After completing each level, the player is scored against factors ranging from Killings, Boldness, Combos, Time Bonus, Flexibility, Mobility and Special. Though, I will admit that I’m not sure how these factors are actually scored and I’ve been given a low rating despite finishing a level quick and efficiently… obtaining an A+ rating for each level is a formidable task for even the most accomplished of gamer!

The story of Hotline Miami follows an unnamed protagonist that fan’s started calling; “Jacket”. He’s semi-based off of Ryan Gosling’s character from Drive. He’s a former US Special Forces operative turned brainwashed vigilante for the cause of a secretive society known only as 50 Blessings. Throughout the game, Jacket is given assassination missions by mysterious and cryptic answering machine messages… this all seems simple enough, right? Well, did I mention that San Francisco was nuked in 1985 after both the US President and USSR President were assassinated? No? Well, this is a plot point that can be easily missed if you’re playing both Hotline Miami 1 and 2 without taking in it’s complex and divergent narrative.
An entire book could be written on the intricacies of the storyline. How a collection of a few choice pixels can speak volumes instead of a huge info dump.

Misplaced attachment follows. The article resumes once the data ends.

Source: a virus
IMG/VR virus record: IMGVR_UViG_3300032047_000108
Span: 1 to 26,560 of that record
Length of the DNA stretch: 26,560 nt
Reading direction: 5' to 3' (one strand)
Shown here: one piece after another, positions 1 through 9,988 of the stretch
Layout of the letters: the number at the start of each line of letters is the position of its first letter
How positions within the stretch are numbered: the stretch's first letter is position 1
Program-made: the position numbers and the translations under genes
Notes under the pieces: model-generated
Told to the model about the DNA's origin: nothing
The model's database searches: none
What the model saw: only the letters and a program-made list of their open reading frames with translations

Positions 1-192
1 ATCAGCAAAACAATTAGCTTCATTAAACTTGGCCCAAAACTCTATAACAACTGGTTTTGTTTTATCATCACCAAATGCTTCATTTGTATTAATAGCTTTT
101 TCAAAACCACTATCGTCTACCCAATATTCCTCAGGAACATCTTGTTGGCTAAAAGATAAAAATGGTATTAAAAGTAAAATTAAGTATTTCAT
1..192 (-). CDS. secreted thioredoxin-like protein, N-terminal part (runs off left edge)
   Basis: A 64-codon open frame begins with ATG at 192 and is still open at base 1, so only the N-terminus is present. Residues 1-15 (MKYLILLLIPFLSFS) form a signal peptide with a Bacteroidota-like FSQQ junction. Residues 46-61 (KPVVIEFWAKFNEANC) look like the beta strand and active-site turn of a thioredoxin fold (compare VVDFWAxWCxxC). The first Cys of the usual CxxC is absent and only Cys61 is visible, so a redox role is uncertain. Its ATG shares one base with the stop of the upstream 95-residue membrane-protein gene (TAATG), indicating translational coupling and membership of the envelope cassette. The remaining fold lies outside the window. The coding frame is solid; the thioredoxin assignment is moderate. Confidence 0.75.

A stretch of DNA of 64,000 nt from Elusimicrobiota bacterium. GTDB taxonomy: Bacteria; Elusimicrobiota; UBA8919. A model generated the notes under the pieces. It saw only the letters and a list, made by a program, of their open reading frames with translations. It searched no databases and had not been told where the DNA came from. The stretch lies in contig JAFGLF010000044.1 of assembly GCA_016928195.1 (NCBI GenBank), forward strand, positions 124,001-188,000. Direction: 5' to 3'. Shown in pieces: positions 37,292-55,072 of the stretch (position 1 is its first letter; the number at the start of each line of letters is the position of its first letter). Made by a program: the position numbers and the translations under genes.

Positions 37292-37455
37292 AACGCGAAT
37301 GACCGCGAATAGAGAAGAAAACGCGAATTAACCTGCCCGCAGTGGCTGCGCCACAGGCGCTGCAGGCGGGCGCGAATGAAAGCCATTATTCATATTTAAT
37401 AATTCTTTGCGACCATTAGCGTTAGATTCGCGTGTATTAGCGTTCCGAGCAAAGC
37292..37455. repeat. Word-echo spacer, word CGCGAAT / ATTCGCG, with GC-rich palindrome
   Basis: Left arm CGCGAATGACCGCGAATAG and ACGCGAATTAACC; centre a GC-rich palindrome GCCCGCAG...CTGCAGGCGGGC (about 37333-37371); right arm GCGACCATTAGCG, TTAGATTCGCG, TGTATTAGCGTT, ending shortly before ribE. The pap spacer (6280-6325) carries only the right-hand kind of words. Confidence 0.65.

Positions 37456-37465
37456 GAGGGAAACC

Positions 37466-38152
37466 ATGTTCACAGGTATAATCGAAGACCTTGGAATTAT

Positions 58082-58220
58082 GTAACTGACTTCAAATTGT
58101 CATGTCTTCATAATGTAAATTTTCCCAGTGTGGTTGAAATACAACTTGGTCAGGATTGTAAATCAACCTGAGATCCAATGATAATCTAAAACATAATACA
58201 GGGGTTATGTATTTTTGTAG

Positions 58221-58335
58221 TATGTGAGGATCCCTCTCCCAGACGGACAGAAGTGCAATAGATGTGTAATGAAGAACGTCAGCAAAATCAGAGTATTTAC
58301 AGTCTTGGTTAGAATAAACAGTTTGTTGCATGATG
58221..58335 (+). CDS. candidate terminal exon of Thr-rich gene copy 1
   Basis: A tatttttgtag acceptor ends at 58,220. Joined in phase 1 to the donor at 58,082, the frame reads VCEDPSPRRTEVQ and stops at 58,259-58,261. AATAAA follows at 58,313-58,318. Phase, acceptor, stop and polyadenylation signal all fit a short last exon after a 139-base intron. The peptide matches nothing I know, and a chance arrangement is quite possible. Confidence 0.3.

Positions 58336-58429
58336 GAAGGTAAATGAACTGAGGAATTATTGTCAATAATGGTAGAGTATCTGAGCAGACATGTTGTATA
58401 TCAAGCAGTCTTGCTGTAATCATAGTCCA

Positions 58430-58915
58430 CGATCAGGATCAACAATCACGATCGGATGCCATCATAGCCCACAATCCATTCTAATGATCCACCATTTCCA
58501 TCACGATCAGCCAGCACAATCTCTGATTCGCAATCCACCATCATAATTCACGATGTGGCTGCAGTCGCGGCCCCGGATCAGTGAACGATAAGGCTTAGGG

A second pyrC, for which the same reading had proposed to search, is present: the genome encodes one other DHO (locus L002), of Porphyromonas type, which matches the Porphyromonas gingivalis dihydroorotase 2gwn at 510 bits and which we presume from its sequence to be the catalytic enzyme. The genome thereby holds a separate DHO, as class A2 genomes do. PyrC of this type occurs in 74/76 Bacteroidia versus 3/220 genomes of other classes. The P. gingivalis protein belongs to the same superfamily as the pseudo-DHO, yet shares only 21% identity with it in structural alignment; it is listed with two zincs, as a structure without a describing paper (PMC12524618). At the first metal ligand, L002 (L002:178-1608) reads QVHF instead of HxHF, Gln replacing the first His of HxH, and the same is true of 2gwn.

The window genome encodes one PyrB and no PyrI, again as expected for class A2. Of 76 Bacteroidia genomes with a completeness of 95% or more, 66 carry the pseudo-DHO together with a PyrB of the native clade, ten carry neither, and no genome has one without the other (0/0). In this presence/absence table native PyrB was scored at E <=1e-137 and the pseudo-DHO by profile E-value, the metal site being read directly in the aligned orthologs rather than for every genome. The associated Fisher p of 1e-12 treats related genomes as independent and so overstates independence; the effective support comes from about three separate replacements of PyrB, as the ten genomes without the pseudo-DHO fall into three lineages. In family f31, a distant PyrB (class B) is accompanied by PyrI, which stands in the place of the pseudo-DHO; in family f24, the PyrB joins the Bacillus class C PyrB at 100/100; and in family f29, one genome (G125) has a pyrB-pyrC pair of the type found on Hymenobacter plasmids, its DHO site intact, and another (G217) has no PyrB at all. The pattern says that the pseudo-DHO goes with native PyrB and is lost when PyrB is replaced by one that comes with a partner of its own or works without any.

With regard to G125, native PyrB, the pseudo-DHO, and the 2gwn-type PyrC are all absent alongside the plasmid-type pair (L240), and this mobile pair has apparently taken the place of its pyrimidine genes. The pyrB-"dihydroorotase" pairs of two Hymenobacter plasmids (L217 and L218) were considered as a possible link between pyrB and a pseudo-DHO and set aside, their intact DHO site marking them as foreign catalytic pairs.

I’m fascinated by the plot, the characters and the world that Dennaton Games had created.
There’s a reason why Hotline Miami is a modern cult classic and that’s to do with my generation’s slight obsession with nostalgia for the 80’s but then again every generation has a fondness for things from 20 – 30 years previous. Look at American popular culture during the 70’s; Grease, American Graffiti and Happy Days were immensely popular at the time and those intellectual properties were about the 1950’s.


By 2010, 80’s revivalist movies had appeared fairly regularly in the cinema. Remakes of Nightmare on Elm Street, The A-Team, and The Karate Kid reminded us why movies were better in the 80’s. In 2015 people kept asking where their hoverboard and flying cars were.
I suppose we seek warmth and security from a time where we had no real responsibilities, where the term “social media” would have been easily attributed to a book club.
During the apex of 80’s revival, Hotline Miami was released and in a world where most games were brown and grey first-person shooters, Hotline Miami gave us a game that not only harked back to our youth but played incredibly well.
It also helps that through all the frustration of trying to complete that one (pain in the arse) level the game also gave you immense dopamine-induced satisfaction.
By the end of the first game, you’re even asked to question your own association with violence and why you enjoy it. It’s provocative in a sense, after all, you’re not entirely expecting this game to ask such a poignant question.


If you’ve never played these games then I urge you to pick it up. It’s available on Steam, PSN or Xbox Live and prepare to start listing Pertubator or Carpenter Brut as your new favourite musicians.

I give both Hotline Miami 1 & 2; 5 Star Trek references in a review for Twin Peaks out of 5.